Basil Smash

With regards to dilution and sweeteners, you may want to exercise some creativity. A light, cold-brewed tea adds more flavor than water, plus a gentle bit of tannin. In the case of our gimlet, I would opt for lemongrass or chamomile tea to compliment the gin, or a weak earl grey tea to perk up an afternoon celebration. You may split the dilution between tea and filtered water for a subtler effect. Many punch recipes, including the French 75, below, call for sparkling wine as the dilution. Using proper Champagne will get you bonus points but a brut Cava will also do the trick.

One of the best attributes of a great punch is its bright and inviting aroma, which is easily made with an oleo-saccharum (literally: “oil-sugar”). Starting with lemon, orange, blood orange or grapefruit, muddle the peels into a bag or jar of sugar and keep it sealed at room temperature for a day or two. The sugar will draw rich, aromatic oils from the skins; then you’ll add enough boiling water to create a perfumed syrup that’s citrusy and silky smooth. Alternatives to cane sugar are muscovado, jaggery, or piloncillo—each will bring a different flavor to the punch. The final aromatic touch could be a garnish of freshly grated nutmeg or cinnamon, or thinly sliced fruit. Perhaps for our gimlet punch, we’d float a few lime wheels studded with juniper or cloves.

Just a few more pointers before you get the party started. Clarity is important for aesthetics and longevity, so strain your juices and syrups before adding them to the bowl. I recommend chilling your juices, water, tea, seltzer, wine and base spirits ahead of time to prevent cracking in the ice block. Make your ice block at least 24 hours before the party by filling a 3-4 liter plastic container with filtered water (or ice and water in a pinch) and freezing it, loosely covered. The ice should be taken out of the freezer twenty minutes before mixing to temper it. Do not use standard ice cubes as they will melt too quickly. You can serve your masterpiece in traditional punch cups, teacups, cocktail glasses, rocks glasses or white wine glasses. Something with a 4-6 ounce capacity will encourage smaller servings and more socializing.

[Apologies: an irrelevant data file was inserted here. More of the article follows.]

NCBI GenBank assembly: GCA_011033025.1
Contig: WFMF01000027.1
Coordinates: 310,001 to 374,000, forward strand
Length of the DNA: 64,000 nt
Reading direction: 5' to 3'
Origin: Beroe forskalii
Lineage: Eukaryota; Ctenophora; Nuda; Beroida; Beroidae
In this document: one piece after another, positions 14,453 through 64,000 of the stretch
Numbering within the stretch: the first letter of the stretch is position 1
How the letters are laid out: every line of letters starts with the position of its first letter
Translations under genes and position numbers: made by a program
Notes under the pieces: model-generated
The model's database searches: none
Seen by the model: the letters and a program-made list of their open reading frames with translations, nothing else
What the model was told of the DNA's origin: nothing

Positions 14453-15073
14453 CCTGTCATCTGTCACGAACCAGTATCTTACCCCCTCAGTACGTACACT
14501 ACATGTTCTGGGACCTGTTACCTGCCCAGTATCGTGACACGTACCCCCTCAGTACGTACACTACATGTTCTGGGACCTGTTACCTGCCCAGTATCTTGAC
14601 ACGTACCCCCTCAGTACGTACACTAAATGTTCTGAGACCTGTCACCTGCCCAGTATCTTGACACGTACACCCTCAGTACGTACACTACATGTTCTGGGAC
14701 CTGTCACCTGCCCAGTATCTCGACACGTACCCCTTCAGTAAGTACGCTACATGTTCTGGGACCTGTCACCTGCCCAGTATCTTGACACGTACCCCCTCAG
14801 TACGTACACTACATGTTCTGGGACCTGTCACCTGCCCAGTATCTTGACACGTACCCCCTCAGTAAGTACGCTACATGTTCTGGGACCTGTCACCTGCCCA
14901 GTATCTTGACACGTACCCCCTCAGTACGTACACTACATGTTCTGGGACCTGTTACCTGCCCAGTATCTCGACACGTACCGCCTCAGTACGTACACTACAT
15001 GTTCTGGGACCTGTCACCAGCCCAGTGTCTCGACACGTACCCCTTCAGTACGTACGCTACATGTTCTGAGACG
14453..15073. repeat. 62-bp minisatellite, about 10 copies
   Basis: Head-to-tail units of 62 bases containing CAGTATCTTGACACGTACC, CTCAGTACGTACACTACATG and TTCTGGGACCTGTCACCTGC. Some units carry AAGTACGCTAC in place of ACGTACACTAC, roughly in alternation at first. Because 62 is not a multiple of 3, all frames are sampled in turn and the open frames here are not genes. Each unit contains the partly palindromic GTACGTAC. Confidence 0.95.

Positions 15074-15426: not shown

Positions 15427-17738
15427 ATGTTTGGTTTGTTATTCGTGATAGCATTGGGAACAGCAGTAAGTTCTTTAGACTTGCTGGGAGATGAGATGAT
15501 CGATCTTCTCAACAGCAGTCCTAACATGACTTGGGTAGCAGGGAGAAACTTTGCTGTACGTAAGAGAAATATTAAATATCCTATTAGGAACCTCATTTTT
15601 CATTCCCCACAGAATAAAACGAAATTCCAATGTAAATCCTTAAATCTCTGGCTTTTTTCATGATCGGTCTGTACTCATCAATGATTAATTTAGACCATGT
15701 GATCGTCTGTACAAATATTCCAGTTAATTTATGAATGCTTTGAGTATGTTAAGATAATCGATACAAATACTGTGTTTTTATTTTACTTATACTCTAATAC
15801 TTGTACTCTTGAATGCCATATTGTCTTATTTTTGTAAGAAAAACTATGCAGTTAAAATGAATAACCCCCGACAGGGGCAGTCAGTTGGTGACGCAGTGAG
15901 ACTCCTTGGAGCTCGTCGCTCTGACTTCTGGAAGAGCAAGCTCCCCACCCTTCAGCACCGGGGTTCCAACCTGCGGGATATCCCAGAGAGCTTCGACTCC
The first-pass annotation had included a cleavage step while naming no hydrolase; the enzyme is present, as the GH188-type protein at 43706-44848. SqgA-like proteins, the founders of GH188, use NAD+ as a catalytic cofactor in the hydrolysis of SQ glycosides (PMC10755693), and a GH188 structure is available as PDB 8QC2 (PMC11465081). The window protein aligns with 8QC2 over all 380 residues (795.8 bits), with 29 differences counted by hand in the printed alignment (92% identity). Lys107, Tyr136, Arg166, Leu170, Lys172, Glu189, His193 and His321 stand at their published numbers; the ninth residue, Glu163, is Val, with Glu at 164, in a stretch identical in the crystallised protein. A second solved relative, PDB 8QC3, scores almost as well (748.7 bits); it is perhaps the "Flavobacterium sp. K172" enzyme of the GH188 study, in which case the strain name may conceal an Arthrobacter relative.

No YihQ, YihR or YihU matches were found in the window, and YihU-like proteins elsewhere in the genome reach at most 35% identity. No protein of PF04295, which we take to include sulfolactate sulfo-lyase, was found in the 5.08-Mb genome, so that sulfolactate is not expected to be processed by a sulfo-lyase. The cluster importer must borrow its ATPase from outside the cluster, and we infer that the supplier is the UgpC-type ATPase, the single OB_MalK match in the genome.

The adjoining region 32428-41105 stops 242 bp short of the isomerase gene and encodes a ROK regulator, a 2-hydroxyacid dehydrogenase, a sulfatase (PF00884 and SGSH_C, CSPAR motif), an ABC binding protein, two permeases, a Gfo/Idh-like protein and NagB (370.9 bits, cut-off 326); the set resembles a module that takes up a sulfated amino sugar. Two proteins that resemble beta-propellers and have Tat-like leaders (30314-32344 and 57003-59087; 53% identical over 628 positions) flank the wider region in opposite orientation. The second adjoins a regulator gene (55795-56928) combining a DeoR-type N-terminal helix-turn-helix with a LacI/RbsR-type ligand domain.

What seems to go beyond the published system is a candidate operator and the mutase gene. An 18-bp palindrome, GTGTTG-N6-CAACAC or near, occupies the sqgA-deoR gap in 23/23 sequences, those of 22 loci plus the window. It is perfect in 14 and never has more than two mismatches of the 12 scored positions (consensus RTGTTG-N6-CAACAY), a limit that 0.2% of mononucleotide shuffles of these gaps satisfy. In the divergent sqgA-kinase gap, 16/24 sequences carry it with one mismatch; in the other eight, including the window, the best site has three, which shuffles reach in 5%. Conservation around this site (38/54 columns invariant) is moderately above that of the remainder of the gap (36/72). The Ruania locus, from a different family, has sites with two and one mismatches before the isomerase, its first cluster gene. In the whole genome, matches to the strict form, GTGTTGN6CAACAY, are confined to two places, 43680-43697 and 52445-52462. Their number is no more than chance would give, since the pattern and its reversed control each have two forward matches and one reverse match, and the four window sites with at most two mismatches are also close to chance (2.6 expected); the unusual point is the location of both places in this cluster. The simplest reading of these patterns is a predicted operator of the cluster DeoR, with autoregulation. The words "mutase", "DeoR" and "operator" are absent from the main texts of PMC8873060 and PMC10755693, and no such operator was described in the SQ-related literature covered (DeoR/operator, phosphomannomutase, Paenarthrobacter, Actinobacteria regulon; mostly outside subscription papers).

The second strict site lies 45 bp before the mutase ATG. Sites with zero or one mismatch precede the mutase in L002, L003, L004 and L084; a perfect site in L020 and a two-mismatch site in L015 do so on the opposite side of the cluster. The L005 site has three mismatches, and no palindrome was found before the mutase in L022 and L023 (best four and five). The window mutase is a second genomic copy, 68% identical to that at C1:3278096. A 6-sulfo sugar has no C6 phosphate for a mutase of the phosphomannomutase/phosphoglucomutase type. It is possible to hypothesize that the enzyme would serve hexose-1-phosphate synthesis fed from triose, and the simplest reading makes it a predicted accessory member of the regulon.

Punch Bowl

This is the year to make your holiday party a memorable one with a hand-crafted cocktail for each of your loved ones. Follow one of the recipes below or create your own using this guide, and you’ll surely entertain guests with a cheerful, flowing bowl of punch.


French 75 - Punch Bowl

[20-24 servings]


  1. Chill all of the liquid ingredients in advance.
  2. Gently pour the gin, cognac, lemon juice and syrup in a punch bowl and stir to combine.
  3. Add half of the water and an ice block.
  4. Gently pour in most of the champagne.
  5. Taste the drink and add more lemon juice, syrup, water or champagne, as needed.
  6. Garnish with thin lemon wheels and/or freshly grated nutmeg.

*Oleo-Saccharum: In a medium jar or Ziploc bag, combine 1 cup of sugar with the peels of 3-4 clean lemons, oranges, blood oranges or grapefruits. Muddle the peels and shake or mix the contents so they are evenly distributed. Seal and store at room temperature for 2-3 days. Either refrigerate until needed, or add 1 cup boiling water, stir to dissolve, strain off and discard the peels, cool the syrup, and use in your punch.

Come Together - Punch Bowl

[20-24 servings]


  1. Chill all of the liquid ingredients in advance.
  2. Pour the scotch, tea, vermouth and honey into a punch bowl and stir to combine.
  3. Add half of the water and an ice block.
  4. Taste the drink and add more honey, water or tea, as needed; you may want to add an ounce or two of lemon juice, but this shouldn’t be a sour punch.
  5. Garnish with thin lemon wheels and a handful of picked mint leaves.